Managing Ambassador

        Cerys,

        I would warmly welcome you into the trans group I attend.  I’m sure the other members would as well.  You may be different than me, but you are also a sister.  Nobody I know would ever consider you an imposter.  Don’t sell yourself short.

        Emily

    • #742665
      Nancy
      Lady

      Having a desire to express your gender as something other than you were assigned at birth seems gender non-conforming, regardless of your motivation. So I consider it falling under the trans umbrella. But if you don’t feel like you are LGBTQ+, that’s ok too. Just be you, and dress/express however makes you happy.
      I have found the LGBTQIA+ community to be very accepting and supportive, and am pleased to consider myself one of them.

      Nancy

    • #742668

      I believe we do fall under LGBTQ+ community, but I’m not sure they think we do unless you’re Drag Queen.

      There has been advancements  for the community over time. It’s just been in the past few years that Trans women have become more “main stream.” Just like the Gay and Lesbian community took awhile to be accepted and then those that were Bi. So, with all that said maybe in the near future Cross Dressers will be accepted more.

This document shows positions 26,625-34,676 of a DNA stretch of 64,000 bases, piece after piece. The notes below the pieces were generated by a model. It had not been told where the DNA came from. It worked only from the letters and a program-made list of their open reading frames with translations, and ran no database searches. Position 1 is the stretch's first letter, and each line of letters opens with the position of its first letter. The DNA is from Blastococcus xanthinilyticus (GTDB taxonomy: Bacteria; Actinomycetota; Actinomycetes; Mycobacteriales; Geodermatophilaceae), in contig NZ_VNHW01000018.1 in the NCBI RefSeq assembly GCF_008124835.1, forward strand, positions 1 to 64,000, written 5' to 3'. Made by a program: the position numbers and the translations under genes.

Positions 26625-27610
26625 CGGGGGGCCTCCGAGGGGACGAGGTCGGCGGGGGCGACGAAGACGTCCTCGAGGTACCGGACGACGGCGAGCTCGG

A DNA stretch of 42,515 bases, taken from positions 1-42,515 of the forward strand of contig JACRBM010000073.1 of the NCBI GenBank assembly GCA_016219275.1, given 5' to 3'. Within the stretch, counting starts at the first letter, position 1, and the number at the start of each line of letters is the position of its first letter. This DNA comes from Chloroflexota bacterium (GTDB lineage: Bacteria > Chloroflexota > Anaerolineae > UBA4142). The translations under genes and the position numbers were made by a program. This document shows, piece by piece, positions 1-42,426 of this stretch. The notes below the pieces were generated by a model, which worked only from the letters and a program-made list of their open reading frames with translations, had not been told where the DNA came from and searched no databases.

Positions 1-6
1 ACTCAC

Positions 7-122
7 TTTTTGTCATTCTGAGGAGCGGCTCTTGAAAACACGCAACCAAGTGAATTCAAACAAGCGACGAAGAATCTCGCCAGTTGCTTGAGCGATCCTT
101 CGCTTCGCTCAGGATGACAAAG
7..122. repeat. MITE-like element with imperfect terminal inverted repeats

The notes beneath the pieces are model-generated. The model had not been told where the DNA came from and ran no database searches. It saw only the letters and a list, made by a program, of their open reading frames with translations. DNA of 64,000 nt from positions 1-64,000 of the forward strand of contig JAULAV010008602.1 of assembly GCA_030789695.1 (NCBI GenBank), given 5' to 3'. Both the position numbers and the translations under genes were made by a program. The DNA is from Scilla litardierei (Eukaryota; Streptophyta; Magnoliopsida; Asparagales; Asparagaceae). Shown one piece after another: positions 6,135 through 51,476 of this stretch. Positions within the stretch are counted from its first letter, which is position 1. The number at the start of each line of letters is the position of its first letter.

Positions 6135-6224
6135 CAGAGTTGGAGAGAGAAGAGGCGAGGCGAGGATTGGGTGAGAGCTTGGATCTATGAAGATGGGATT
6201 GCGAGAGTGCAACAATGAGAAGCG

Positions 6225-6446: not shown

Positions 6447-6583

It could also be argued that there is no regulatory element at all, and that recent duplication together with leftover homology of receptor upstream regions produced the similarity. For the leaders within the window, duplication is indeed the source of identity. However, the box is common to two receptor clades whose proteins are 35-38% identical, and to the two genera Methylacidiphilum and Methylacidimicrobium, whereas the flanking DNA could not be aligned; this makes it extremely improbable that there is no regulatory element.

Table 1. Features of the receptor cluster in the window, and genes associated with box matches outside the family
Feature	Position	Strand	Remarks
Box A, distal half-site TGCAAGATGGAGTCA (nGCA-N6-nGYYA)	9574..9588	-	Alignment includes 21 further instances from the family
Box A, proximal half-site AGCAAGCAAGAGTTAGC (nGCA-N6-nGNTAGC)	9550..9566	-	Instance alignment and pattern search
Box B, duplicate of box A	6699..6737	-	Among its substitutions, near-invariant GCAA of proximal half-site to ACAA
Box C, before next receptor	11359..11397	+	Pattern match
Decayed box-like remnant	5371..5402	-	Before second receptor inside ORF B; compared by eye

I, myself, don’t dress for sexual purposes. I dress because I love presenting as a woman. But I have found that the more I embrace this side of me, I have become more feminine and have started looking at men in a romantic way. I guess it had always been there but suppressed with everything else. I have come to the conclusion that I am Bi. I like strong handsome men as well as beautiful feminine women.

      Hugs, Liara